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Staying In College Can Help Young People When The Economy Begins To Recover

College is a jumping off point for many careers. It’s where you learn how to function in a real-world job and it’s where you network and make friends who will be your career cohort for life. Unfortunately the pandemic has derailed normal college life for many students, leaving them to wonder how they will be […]

College is a jumping off point for many careers. It’s where you learn how to function in a real-world job and it’s where you network and make friends who will be your career cohort for life. Unfortunately the pandemic has derailed normal college life for many students, leaving them to wonder how they will be able to get a start in their jobs and how they will be able to network with their peers to help each other build careers. Leaving students to their own devices is a sure path to early career burnout – we all know you don’t get there on your own. So how can students continue to network with their peers to form the kinds of relationships upon which their future careers will be built?

Currently, one in six recent high school grads are thinking about choosing a different path than college because of the pandemic. But what will they do instead? Unemployment is at record highs – higher than during The Great Depression, and higher than ever in some states and areas. Now is the time for education and training, because as the economy comes back online that is the yardstick by which candidates will be measured against one another. Recent grads could get jobs in fulfillment centers or stocking grocery store shelves, but even then education is going to be important for moving on once the economy begins to recover.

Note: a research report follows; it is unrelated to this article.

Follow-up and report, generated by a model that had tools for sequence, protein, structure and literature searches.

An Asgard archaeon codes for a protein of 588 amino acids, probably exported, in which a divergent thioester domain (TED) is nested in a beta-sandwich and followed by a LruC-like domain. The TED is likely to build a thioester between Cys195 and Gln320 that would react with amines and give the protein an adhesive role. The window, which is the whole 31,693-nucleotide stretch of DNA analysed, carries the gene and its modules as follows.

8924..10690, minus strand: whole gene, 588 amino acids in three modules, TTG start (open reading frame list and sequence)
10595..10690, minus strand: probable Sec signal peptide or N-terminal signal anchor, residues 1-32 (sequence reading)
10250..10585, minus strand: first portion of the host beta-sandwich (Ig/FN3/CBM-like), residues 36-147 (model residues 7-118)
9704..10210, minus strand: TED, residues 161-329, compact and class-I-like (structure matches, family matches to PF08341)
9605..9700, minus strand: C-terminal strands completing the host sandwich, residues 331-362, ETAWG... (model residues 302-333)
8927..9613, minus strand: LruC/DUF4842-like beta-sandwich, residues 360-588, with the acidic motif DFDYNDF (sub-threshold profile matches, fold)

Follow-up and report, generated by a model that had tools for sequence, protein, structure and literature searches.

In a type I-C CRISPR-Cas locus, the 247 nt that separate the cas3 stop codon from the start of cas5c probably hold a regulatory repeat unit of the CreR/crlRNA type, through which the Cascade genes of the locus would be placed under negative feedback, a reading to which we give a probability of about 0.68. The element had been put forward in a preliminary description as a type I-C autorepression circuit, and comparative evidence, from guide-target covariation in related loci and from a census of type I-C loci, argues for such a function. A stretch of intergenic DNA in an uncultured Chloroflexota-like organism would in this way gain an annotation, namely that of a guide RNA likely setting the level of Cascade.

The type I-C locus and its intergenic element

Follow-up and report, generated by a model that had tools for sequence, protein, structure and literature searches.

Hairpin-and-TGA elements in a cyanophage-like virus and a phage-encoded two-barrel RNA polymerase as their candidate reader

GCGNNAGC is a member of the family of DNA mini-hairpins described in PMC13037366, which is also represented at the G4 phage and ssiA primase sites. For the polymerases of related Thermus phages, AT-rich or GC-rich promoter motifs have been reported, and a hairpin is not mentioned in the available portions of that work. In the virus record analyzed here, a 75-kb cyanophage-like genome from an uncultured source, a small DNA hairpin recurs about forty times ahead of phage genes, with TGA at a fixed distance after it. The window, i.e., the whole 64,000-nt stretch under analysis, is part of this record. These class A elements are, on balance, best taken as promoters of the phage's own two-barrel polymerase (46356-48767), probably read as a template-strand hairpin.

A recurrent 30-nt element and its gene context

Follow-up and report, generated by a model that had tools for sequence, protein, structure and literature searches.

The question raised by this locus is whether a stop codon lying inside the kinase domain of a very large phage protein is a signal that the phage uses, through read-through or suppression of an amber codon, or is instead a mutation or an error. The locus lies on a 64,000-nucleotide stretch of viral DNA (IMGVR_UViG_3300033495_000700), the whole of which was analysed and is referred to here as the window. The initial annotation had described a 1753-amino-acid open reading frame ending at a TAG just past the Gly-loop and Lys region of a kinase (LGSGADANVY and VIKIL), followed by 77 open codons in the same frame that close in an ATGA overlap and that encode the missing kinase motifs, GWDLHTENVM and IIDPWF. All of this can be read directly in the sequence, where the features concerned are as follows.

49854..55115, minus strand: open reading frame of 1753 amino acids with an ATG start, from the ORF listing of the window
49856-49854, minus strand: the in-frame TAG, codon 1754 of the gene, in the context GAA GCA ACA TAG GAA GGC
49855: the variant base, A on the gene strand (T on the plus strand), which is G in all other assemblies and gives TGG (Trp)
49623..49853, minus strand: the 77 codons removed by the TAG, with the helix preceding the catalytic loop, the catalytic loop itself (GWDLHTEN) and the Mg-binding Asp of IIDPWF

Colleges and universities are struggling. Those that refused to cancel classes are dealing with lawsuits alleging they endangered students, while those that did cancel classes are struggling to maintain the funding needed to keep the doors open to the next class of students.

Meanwhile, students are left to decide whether going back to campus is safe or whether taking online classes is worth it. There are no good decisions in a time like this, and the objective becomes making the best possible decision given the circumstances.

For most students, though, continuing their education is going to be the right decision. There’s nothing more expensive and less worthwhile than a degree started but not finished. What’s more, education and training are the best way forward for many students who will be graduating into an exceedingly difficult job market.

It is still possible to get a good education remotely, fortunately. It is also still possible to network remotely with other students who are also attending classes remotely. 

There are some tricks to remote networking, and the best place to start is LinkedIn. Students who don’t understand the value of a LinkedIn profile are going to need to start by building a profile. That profile can be used to add classmates from classes and group assignments and then it can be used to keep the lines of communication open throughout the pandemic and beyond.

Networking is just one of many challenges facing students who will be entering the workforce soon. These disruptions can also cause serious mental health problems, and maintaining a strong personal and professional network can help with that, too.

Education is still important, and in fact it’s probably more important than ever right now as the economy is poised to recover from one of the worst economic downturns in history. Learn more about college in the age of coronavirus from the infographic below.

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